Low Carbon Economy-Finance and Technology Models

Low Carbon Economy-Finance and Technology Models

S. Sureshkukar (National Institute for Interdisciplinary Science and Technology, India)
DOI: 10.4018/978-1-61350-156-6.ch001
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Abstract

The climate change is forcing a low carbon growth model not only for the developed nations but also for the developing countries, and particularly the emerging major emitters belonging to the emerging economies like China and India. New types of policies, partnerships and instruments, which dramatically scale up present climate change efforts, will be needed, if efforts to mitigate climate change and adapt to its effects are to succeed. The focus of this chapter will be on these and related issues pertaining to financial and technological aspects of the challenges confronting us in this context. The methodology used is essentially based on current literature and tacit knowledge arising from related experience along with its explicit accounts.
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Introduction

The IEA estimates that limiting GHG concentrations to 450 ppm CO2eq would require US$550 billion to be invested in clean energy from now to 2030. UNDP estimates the cost of adaptation at US$86billion. Most of the financing in the coming years will have to come from private sources, or from innovative funding mechanisms currently available or being developed. Current levels of ODA, while significant, are unlikely to be sufficient to finance the necessary investments.

For example, for energy-related activities, ODA, at present, provides US$5-7 billion per year, which is only 1% of the total amount required.

The international community is currently piloting a number of public policies, new market-based instruments and innovative financial mechanisms, to attract and drive direct investment towards lower-carbon and climate- resilient technologies and practices. In 2007, the private sector invested nearly US$150 billion of new money in clean energy technologies in response to these new policy and financial incentives. However, these financial flows often remain restricted to OECD countries and a small number of rapidly developing countries; barriers still need to be removed before they can be widely disseminated for easier access by other developing countries.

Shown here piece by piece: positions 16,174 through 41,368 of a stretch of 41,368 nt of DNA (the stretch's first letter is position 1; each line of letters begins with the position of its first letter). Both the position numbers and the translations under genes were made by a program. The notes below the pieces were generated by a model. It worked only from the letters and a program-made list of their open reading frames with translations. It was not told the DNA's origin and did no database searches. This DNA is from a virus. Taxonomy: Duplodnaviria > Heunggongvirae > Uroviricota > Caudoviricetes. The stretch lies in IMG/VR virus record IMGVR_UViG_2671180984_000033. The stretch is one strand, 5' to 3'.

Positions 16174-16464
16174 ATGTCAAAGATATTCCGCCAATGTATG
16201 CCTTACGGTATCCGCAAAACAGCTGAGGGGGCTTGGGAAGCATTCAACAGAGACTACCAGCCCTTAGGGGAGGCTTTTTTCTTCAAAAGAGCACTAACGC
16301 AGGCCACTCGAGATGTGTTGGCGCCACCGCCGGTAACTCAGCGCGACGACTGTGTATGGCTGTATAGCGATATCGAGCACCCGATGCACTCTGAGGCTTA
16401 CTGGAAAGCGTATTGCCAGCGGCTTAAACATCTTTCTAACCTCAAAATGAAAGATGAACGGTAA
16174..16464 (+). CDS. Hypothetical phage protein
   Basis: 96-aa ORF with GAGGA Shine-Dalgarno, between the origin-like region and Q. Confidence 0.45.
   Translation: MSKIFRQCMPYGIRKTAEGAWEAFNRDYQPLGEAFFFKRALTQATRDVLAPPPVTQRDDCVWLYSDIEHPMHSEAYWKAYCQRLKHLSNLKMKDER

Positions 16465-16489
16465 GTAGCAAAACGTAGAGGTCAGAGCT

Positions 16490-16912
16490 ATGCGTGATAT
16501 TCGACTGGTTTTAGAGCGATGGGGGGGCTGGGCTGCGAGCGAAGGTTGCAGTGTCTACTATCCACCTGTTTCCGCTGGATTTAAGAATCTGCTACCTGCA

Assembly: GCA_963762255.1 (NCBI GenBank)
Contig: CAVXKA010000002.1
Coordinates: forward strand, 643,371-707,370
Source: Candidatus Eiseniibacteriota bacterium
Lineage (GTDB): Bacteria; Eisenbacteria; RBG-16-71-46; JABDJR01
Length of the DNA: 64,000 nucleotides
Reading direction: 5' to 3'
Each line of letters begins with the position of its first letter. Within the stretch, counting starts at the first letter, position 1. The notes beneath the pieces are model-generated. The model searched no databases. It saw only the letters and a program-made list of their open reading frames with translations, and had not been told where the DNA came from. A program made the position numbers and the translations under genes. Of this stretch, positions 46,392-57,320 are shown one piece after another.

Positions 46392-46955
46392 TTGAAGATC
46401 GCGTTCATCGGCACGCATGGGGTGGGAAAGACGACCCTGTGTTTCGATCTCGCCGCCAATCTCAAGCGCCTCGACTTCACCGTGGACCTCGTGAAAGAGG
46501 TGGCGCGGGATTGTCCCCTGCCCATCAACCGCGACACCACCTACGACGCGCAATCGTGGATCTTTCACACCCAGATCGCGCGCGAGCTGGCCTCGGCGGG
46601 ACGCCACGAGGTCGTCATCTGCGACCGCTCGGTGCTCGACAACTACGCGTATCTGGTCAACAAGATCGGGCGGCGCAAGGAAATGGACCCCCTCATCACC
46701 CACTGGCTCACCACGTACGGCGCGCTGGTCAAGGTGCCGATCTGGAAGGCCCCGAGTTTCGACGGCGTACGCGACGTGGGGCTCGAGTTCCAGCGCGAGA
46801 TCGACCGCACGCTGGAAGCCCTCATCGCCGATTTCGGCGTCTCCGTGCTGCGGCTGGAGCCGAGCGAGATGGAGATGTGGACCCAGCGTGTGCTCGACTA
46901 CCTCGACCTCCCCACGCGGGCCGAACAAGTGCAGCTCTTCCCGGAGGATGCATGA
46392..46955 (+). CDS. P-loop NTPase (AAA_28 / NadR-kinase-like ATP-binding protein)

For example, the Kyoto Protocol created the Clean Development Mechanism (CDM) to promote both sustainable development and GHG emission reduction in developing countries. The CDM is a global cap-and-trade mechanism, which allows developing countries to earn credits for their emission reduction projects and sell these cheaper credits to industrialised countries. Despite its potential, there is strong concern that only a limited number of countries will benefit from the CDM, and that this mechanism could bypass Africa entirely. (UNEP, 2009)

Only five countries–China, India, Brazil, South Korea, and Mexico–are expected to generate over 80 percent of CDM credits by 2012. Current market rules all too often fail to attract investors into lower-carbon technologies and sustainable land-use projects. The specific market conditions of developing countries will need to be incorporated into the design of new market-based and innovative financial mechanisms. A number of reforms to the CDM are currently being discussed to achieve this objective (programme approaches, etc.). At the same time, developing countries will need assistance to put into place an enabling environment (e.g. public policies, institutions, human resources) so that they are in a better position to leverage these new sources of finance. A new order of partnership is needed between developed and developing economies–one that supports the development needs of developing countries but assists them onto a low carbon trajectory that leap-frogs the 20th century development patterns of the North.

Encouraging financial flows between rich and less well off countries is key as is the involvement of the private finance sector and global investment community. UNEP Finance Initiative and the UNEP Sustainable Energy Finance Initiative are some examples. More recently, the interaction between UNEP’s Initiatives and other private finance networks has intensified.

Combating climate change is not about costs to the economy but an investment in the kinds of renewable, clean-tech and natural resource management economies able to generate low-footprint wealth and employment for over one billion people unemployed or under employed. The total investment required to avoid dangerous climate change is more than USD 1 trillion per annum, according to the International Energy Agency (IEA). Half of this amount could be redirected from business-as-usual investment in conventional technologies to low-carbon alternatives. The remainder (USD 530 billion) is required in the form of additional investment. World Bank estimates suggest that around USD 475 billion of the total annual investment must occur within developing countries. Around USD 400 billion per annum of investment will be required for mitigation investment. A further USD 75 billion per annum will be required for adaptation investment. (UNDP, 2009)

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